I'm that much closer to designing a completely open source embedded computer!

I've been reading Do the Work by Steven Pressfield and I've been rambling on and on about designing a board to my friend Brian. The hardest part is starting, then the hardest part is shipping. I'm working on the starting part and wanted to share my thoughts.

The concept for an open source embedded board is that everything will be open source. By everything, I mean everything! The tools used to design the hardware, both schematics and layout, will be open source tools (currently leaning towards Kicad). The files used for schematic capture and layout will be open sourced (not just PDFs but real actual files you can pick up and use to make your own board). The information on how to bring up the board from a blank, just manufactured state, will be online with an open documentation license. The information on how to build Linux and a bootloader and useful software will be online with an open documentation license. Everything will be open!

Along with general openness of the design process, I'd like to keep any software written or used on the board open as well. So no binary blob kernel drivers, no closed source software, and no non-free IP blocks. This is hard. It means no hardware accelerated 3d graphics. It means limited (probably no) DSP blocks.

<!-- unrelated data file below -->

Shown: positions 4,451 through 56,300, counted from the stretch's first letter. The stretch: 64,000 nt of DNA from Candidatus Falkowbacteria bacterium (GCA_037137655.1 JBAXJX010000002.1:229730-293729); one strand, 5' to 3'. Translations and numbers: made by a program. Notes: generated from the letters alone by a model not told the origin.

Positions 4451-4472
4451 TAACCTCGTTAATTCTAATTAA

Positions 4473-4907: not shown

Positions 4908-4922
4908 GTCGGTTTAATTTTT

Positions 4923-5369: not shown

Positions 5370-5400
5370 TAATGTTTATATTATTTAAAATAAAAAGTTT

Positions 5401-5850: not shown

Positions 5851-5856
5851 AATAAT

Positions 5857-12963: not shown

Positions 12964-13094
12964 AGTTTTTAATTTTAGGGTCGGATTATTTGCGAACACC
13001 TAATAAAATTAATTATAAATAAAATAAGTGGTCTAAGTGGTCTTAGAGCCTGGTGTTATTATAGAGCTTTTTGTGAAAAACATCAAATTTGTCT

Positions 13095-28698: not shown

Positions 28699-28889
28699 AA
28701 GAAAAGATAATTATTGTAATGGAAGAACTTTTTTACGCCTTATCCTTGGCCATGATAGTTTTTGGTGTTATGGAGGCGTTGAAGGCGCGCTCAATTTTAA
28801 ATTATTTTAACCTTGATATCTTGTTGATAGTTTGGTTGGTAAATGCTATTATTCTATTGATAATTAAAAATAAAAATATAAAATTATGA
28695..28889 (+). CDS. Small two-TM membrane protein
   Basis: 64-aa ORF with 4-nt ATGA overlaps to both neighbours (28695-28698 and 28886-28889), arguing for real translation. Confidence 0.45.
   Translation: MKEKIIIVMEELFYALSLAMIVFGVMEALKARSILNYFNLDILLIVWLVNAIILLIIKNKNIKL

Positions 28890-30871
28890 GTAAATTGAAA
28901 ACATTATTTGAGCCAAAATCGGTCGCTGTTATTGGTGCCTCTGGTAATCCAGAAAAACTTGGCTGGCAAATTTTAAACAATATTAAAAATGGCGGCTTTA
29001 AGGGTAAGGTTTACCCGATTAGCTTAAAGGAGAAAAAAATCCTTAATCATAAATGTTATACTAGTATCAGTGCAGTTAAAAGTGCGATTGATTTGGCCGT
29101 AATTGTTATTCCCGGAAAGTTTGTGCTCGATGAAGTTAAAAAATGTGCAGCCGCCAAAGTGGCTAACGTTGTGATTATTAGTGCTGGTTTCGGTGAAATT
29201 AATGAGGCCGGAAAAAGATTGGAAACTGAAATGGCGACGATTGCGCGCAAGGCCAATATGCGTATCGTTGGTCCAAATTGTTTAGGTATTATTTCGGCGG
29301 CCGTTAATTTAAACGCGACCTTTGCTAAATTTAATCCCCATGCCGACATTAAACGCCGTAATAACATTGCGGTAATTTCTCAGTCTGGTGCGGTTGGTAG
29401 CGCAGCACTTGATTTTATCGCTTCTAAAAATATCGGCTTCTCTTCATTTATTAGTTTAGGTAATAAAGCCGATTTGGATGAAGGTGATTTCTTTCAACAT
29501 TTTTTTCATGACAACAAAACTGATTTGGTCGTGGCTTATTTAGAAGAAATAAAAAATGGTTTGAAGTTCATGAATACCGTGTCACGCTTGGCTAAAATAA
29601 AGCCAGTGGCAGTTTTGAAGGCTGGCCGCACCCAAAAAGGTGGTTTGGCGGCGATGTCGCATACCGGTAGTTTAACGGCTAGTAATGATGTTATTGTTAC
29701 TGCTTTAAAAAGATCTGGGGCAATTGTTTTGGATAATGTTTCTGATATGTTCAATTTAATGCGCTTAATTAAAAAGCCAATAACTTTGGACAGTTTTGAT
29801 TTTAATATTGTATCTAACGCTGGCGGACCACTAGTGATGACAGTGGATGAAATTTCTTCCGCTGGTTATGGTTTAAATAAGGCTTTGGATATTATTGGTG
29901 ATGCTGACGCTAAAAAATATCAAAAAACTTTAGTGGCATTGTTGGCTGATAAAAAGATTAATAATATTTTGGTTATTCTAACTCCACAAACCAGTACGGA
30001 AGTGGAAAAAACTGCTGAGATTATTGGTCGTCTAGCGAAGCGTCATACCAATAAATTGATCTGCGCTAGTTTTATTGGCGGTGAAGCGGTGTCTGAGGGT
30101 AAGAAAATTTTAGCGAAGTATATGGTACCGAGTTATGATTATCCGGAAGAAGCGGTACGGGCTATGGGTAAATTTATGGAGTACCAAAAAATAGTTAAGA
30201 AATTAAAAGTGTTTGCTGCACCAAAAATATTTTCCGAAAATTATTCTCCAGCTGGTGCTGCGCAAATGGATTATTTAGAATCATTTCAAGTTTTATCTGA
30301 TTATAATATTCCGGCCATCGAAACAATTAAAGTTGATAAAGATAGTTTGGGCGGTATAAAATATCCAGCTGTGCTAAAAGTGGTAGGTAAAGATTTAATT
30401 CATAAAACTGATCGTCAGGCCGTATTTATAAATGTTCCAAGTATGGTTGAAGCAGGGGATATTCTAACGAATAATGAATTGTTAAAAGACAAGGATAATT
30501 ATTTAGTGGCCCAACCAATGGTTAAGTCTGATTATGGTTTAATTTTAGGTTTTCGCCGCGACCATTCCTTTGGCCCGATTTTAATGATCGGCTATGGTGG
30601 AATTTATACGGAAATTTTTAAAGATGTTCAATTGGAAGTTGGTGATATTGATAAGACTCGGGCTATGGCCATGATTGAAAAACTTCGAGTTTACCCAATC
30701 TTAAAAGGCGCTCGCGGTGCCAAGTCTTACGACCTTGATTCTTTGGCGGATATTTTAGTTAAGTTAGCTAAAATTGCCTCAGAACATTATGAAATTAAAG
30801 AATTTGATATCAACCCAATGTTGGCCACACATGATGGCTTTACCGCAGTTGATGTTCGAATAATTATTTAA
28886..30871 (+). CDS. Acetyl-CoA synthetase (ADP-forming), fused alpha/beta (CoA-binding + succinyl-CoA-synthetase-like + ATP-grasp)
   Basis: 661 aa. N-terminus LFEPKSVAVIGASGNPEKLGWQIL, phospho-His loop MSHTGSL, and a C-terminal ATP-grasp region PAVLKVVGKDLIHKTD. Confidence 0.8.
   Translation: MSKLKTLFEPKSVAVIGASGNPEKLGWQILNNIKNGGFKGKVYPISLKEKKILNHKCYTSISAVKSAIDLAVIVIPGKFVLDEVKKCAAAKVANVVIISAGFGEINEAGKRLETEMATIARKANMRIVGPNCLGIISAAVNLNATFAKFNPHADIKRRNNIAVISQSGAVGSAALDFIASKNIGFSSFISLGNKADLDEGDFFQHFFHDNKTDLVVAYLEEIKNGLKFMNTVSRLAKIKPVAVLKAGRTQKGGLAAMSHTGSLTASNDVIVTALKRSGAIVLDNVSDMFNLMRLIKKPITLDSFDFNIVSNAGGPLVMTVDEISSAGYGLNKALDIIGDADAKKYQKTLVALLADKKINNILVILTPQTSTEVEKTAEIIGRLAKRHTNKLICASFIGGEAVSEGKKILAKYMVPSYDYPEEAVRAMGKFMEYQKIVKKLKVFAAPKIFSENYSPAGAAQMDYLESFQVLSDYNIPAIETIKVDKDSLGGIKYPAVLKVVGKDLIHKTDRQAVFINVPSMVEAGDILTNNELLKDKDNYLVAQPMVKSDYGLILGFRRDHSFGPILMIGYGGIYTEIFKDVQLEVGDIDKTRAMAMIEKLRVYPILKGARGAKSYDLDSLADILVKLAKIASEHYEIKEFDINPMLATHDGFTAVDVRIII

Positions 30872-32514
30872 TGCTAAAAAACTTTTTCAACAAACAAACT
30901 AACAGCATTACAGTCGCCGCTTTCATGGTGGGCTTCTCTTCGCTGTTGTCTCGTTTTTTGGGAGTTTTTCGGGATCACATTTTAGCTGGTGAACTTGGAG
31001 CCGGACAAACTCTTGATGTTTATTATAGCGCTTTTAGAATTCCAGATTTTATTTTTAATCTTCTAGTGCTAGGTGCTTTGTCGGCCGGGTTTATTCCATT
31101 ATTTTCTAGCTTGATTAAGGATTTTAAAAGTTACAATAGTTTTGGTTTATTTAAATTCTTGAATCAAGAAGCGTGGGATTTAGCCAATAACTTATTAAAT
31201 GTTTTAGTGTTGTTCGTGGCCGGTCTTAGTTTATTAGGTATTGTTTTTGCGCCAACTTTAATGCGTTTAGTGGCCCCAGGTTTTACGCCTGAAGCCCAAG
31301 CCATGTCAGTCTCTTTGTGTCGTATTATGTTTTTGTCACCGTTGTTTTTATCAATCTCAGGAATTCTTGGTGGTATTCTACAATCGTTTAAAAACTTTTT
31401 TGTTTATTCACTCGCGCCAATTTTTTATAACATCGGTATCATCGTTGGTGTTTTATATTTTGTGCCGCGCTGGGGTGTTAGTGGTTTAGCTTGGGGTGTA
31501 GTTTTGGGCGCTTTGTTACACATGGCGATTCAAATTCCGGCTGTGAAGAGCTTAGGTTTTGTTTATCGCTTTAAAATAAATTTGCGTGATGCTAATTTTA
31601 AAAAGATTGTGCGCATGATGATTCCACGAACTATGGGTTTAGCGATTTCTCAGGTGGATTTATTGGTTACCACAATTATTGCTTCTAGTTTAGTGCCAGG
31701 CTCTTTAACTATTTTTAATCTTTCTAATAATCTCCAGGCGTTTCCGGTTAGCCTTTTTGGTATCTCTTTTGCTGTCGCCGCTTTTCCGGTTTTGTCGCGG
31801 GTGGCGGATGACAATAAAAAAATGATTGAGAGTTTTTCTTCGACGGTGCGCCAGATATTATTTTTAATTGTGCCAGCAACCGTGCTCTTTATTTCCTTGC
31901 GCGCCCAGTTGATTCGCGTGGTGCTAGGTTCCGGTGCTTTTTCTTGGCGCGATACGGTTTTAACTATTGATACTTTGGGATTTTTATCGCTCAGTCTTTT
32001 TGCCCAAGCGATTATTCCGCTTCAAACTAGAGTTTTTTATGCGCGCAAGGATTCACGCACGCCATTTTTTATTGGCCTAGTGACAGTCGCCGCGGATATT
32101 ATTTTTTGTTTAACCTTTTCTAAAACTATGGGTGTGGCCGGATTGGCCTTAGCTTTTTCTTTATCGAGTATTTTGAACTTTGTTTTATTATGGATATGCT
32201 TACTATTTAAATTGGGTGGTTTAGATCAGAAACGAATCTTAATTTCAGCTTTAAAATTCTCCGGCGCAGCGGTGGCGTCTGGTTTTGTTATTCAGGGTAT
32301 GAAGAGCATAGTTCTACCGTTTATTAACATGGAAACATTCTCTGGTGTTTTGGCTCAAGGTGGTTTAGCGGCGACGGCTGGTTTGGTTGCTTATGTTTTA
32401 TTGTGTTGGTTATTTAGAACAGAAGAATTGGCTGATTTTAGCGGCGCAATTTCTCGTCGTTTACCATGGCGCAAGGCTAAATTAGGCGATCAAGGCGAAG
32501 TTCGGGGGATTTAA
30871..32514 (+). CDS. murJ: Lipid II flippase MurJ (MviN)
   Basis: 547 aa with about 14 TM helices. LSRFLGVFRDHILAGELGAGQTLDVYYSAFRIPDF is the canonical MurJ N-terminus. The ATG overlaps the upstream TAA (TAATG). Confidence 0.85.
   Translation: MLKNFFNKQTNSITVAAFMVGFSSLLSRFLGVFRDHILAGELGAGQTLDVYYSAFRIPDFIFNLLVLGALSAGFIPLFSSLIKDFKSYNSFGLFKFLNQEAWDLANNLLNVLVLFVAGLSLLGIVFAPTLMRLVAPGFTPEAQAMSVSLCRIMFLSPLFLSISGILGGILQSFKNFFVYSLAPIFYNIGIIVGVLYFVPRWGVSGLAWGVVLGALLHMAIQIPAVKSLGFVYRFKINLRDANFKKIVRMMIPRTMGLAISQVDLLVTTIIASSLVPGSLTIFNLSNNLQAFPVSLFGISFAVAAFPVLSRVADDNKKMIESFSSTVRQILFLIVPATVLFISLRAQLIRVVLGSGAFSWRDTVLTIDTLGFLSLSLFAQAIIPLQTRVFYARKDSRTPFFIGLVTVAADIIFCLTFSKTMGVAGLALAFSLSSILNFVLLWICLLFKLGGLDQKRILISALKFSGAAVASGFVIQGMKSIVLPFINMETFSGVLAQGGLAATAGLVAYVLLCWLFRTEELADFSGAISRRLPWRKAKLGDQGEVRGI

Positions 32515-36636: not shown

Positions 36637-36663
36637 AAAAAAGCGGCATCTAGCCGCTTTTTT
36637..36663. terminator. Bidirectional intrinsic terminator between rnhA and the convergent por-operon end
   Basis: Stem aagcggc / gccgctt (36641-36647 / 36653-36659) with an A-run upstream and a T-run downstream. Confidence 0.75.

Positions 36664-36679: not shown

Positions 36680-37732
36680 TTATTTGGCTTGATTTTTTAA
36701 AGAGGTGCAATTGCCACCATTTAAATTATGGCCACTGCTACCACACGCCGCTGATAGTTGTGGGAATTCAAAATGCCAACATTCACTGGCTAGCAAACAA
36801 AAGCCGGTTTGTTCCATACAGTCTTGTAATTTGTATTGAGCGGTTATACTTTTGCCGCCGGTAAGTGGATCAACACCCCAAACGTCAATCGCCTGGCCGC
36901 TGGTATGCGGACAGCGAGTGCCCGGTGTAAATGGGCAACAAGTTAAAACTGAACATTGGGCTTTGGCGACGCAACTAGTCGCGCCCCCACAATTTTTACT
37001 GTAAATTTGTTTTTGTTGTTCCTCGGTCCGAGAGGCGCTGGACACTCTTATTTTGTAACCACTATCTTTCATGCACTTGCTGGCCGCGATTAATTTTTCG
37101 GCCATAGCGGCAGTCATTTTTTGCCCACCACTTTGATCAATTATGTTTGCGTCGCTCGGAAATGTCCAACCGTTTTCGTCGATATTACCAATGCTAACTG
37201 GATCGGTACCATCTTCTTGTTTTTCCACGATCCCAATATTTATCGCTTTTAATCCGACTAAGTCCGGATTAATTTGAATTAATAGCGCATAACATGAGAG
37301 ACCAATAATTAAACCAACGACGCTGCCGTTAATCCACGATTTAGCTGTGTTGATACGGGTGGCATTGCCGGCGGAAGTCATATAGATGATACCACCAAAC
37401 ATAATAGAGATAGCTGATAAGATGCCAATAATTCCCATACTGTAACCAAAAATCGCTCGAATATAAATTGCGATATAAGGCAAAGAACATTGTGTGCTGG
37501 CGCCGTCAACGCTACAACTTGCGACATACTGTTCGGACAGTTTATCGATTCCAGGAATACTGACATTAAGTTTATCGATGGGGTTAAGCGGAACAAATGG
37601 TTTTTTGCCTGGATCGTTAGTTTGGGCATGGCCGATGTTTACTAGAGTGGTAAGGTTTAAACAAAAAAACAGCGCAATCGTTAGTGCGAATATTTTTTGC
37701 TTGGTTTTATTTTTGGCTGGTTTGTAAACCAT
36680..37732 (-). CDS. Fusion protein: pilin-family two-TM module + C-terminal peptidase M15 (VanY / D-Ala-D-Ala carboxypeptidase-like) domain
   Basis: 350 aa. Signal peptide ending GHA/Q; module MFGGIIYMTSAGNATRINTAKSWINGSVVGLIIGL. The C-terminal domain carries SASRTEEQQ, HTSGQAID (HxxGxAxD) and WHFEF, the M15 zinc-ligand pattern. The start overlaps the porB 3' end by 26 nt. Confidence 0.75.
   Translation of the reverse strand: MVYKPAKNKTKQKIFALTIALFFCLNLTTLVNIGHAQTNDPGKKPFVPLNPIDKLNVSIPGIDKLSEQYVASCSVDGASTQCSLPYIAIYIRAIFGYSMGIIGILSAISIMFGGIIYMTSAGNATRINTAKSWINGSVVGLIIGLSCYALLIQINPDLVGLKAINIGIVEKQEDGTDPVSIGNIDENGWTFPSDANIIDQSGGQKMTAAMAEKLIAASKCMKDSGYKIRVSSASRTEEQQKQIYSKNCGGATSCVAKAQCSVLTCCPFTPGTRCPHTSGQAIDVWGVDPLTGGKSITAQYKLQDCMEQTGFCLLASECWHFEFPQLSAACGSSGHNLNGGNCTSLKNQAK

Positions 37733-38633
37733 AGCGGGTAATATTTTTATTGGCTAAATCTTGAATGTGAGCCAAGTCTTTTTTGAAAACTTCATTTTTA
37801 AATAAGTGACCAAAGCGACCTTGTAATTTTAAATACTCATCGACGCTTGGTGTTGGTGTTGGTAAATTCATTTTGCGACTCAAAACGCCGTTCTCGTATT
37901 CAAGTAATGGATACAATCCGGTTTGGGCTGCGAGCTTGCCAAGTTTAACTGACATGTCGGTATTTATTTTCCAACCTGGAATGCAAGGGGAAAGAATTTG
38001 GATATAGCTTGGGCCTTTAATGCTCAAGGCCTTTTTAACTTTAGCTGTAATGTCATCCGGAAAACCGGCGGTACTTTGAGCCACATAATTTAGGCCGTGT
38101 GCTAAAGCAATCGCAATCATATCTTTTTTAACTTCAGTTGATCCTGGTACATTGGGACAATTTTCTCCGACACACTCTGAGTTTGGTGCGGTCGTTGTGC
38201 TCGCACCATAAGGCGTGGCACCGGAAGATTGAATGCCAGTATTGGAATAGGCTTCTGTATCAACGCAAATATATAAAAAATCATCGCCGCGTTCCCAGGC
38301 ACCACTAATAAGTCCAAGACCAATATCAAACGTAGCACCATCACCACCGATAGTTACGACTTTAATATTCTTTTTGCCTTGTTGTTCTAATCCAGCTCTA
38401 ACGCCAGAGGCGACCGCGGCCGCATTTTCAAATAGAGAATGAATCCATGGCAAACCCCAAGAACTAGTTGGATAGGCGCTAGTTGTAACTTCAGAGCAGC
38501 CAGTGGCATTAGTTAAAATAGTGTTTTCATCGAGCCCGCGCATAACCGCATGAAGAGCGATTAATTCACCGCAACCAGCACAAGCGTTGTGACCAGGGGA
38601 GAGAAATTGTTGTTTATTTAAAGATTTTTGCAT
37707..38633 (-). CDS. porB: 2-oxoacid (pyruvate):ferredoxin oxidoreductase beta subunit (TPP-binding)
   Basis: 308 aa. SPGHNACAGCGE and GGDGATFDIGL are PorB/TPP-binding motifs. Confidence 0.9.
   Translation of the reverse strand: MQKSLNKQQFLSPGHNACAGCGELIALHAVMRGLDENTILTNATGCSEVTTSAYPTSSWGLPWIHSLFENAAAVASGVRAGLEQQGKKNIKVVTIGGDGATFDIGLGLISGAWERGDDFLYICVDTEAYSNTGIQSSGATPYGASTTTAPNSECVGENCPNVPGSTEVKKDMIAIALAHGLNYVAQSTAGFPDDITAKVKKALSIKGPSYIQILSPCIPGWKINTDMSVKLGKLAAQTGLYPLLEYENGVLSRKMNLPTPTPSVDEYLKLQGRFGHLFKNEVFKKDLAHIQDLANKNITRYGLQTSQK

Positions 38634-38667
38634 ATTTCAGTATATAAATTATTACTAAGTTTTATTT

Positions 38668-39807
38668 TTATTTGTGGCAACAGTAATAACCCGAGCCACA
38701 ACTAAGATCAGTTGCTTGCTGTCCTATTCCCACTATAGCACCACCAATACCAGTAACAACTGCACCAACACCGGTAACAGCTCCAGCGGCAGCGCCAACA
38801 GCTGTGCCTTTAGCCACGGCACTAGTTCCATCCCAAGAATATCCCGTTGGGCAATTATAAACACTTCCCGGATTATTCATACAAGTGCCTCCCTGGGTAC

I'd like to be able to sell this board for $100 but I'm not sure if that's a reasonable target price. I'm not looking to make big bucks doing this, it's a learning exercise for me. But shipping product to customers is a goal I have because it will force me to actually get things working. A more realistic price point is probably $150, but then it loses the appeal of being cheap because a BeagleBoard is only $125 now and my board won't offer much more in terms of hardware.

In order to meet the $100 price goal, I wouldn't use a Cortex-A8 part. I'd probably use an ARM9 processor. That gets the price lower but sacrifices a lot of nice things that Cortex-A8 parts have (faster, better floating point, etc). I'm not yet sure if the trade-off is worth it, in either direction. I'm leaning towards ARM9 because I think price is really important, even if my board is the only one out there that's completely open.

As a functionality differentiator, I'd like to have hardware compatibility with Arduino shields. There's already a huge amount of hardware out there that works well with Arduino systems and is aimed at people who like to play with little computer systems. Taking advantage of that ecosystem while showing people how they can communicate with the same hardware, but from within Linux, would be really cool. An ARM9 is hugely more powerful than an ATmega and is a nice halfway point between an Arduino and a full PC (size, power, price, and ability wise).

Once I have a design that will work, I plan to fund the build of prototypes and shipping hardware using Kickstarter. Open Vizsla inspired me that this type of funding scheme for hardware can really work.



25 April 2011